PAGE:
Back in 1990, I prepared my first outdoor wood finishing sample to see how a particular product actually performed in the sun, rain and weather over the long haul. Since then I’ve tested many other finishes in the same way, but that first product – something called Cetol – is still my favourite of its kind. When I want a rich, dark finish that lets wood grain show through on non-deck surfaces, I open a can of Cetol.
I was reminded of all this as I set up my 20 year-old son into using this same stuff to finish some outdoor work at our place this summer. Joseph is home from university in Tennessee, and he’s taken on the challenging job of finishing the underside of a verandah roof. It’s a nasty, dirty job because it’s all overhead work. We were originally going to finish this part of our verandah as indoor space with a finished ceiling, so I didn’t prefinish the rafters and roof boards before construction, as I did for other sides of the house. But we recently changed our minds about closing this area, and that’s why the rafters and underside of the roof boards need to look good now that they’re fully exposed.
There are tougher opaque outdoor products available than Cetol, but nothing I know of lasts as well while also letting wood grain show through. Cetol is not for decks, but it is designed for every other kind of outdoor wood application — fences, siding, windows, railings and trim – and the underside of verandah roofs. Although this product isn’t perfect, Cetol has a lot going for it when it comes to specific applications.
I’m always wary when products are promoted as simple and easy to use. In my experience, the necessary price you pay for quality and success in the real world is a certain degree of complication. Cetol is a case in point. It’s not a one coat product, but rather a process that involves two different and related products applied in a specific way over specifically prepared wood.
The first step involves brushing on a base coat of Cetol 1. This is a very thin viscosity formulation that’s designed to soak into the wood and get a good grip on fibers. Subsequent coats –either one or two more – are completed with the companion product called Cetol 23 Plus. What you get is a furniture-grade finish that lasts at least three years in full sun. After that you need to strip, sand and reapply. The underside of the verandah roof I finished with Cetol during construction still looks brand new after 20+ years in the shade.
My relationship with Cetol has not been without problems, and one of the first and most annoying had to do with the gorgeous, dark colors that this product is available in. You can buy Cetol in a range of shades from an antiquey yellow (they call this Natural) right through to a chestnut brown (called Dark Oak). Being partial to dark wood, I applied multiple coats of the Dark Oak on two exterior pine doors I’d built – the first real projects I finished with Cetol. The initial coat looked great, the second began showing less than pleasant brushstrokes, the third was goopy looking enough that I ended up stripping all three doors and starting from fresh.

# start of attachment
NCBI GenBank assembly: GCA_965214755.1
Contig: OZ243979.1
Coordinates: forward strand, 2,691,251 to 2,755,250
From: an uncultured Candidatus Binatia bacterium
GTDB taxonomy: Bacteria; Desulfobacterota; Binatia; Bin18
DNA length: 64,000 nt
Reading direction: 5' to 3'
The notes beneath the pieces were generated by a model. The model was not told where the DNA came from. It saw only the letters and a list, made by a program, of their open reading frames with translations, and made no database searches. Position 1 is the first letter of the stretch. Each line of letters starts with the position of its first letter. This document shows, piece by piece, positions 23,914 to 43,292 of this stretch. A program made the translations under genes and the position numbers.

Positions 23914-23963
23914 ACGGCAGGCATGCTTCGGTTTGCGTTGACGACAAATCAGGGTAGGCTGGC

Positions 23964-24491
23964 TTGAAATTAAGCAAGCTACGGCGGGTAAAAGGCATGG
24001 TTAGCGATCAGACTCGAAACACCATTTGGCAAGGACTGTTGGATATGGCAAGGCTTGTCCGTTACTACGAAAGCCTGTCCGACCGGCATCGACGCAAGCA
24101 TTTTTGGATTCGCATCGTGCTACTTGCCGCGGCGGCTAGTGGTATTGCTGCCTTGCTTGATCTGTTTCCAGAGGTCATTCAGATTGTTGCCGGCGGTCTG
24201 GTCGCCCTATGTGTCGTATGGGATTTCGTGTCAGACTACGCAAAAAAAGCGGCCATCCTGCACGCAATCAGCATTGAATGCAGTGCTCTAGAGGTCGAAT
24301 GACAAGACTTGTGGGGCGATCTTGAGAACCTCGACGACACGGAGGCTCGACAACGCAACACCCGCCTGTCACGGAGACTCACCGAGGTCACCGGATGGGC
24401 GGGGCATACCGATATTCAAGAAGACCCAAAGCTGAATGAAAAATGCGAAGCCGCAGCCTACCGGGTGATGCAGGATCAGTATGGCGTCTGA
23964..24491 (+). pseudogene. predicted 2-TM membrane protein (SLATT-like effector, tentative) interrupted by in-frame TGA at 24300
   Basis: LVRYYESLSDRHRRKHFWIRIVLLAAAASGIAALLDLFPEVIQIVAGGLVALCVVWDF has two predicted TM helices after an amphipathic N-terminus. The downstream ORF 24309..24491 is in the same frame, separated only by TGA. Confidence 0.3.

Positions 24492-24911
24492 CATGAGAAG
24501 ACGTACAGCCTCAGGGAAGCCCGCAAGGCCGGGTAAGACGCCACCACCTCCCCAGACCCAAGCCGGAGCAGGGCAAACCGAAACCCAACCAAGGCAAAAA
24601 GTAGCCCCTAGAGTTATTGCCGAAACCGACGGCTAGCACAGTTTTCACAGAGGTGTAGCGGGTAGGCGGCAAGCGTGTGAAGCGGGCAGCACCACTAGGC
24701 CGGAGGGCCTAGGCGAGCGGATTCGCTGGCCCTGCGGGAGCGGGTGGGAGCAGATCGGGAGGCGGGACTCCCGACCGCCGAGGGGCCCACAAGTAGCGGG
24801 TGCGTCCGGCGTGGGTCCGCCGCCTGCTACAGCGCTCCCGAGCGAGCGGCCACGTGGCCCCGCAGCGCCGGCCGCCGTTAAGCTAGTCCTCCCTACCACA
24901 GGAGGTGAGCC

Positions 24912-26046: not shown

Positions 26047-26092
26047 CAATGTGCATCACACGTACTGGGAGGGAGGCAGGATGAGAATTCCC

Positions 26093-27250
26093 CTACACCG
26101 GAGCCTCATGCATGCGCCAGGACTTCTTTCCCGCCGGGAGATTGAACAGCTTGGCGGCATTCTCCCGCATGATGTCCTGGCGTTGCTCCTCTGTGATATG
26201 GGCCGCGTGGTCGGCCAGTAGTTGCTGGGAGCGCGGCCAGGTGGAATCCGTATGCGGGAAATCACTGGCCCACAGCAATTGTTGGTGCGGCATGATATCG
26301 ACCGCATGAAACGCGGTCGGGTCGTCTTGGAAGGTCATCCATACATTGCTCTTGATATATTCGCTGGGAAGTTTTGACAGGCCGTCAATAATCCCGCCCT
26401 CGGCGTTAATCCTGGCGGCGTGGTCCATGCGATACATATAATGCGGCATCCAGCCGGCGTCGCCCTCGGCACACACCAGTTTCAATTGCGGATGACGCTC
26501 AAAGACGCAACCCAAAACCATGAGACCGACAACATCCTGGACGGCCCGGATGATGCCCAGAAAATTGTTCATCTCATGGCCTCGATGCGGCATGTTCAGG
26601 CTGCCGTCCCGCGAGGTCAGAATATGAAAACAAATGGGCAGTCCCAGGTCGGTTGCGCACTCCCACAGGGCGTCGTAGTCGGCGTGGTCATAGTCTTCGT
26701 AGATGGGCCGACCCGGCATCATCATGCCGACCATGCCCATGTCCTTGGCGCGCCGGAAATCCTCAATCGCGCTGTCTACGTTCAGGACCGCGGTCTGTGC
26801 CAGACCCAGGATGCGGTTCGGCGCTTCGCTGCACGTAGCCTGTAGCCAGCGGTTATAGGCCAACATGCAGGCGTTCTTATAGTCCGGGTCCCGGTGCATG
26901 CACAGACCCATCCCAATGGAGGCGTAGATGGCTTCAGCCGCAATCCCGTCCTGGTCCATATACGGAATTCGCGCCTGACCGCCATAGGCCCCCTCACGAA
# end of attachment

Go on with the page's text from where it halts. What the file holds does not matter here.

The problem, as I eventually realized, was simple. Multiple coats of any dark, translucent product shows brush strokes like crazy where thicker and thinner applications meet side-by-side. Though frustrating at the time, this trouble led me to discover a process that yields the richest looking outdoor wood finish I’ve ever seen. And as you’d expect, it does involve a small amount of complication.
These days my favorite Cetol procedure involves applying the first coat of Cetol 1 in Dark Oak, with another coat or two of Cetol 23 Plus in what’s called Cedar. Since this first coat soaks completely into the wood, there are no areas of dark and light streaking because there is no surface film to vary in thickness. The cedar colour does have pigment, but not enough to create streaking. The result is a stunning cinnamon brown colour that gets a lot of attention. That’s what you see here in the photo.
There’s one more thing you need to understand about Cetol. Sanding wood surfaces is essential for success, both on new wood and before applying maintenance coats. Sand with an 80-grit abrasive in a random orbit or detail sander to open wood pores and allow the product to soak in as far as possible. Later, at the first signs of finish failure after a few years, sand the area lightly with a 120-grit abrasive to remove any loose finish and scuff up the remaining old stuff before freshening up the surface with a single coat of Cetol 23. You can extend the time between stripping and a complete refinishing job this way.
These days few consumer products remain available for more than a few years, let alone more than 25. Good thing there’s at least one corporation out there that knows enough to keep a good thing going.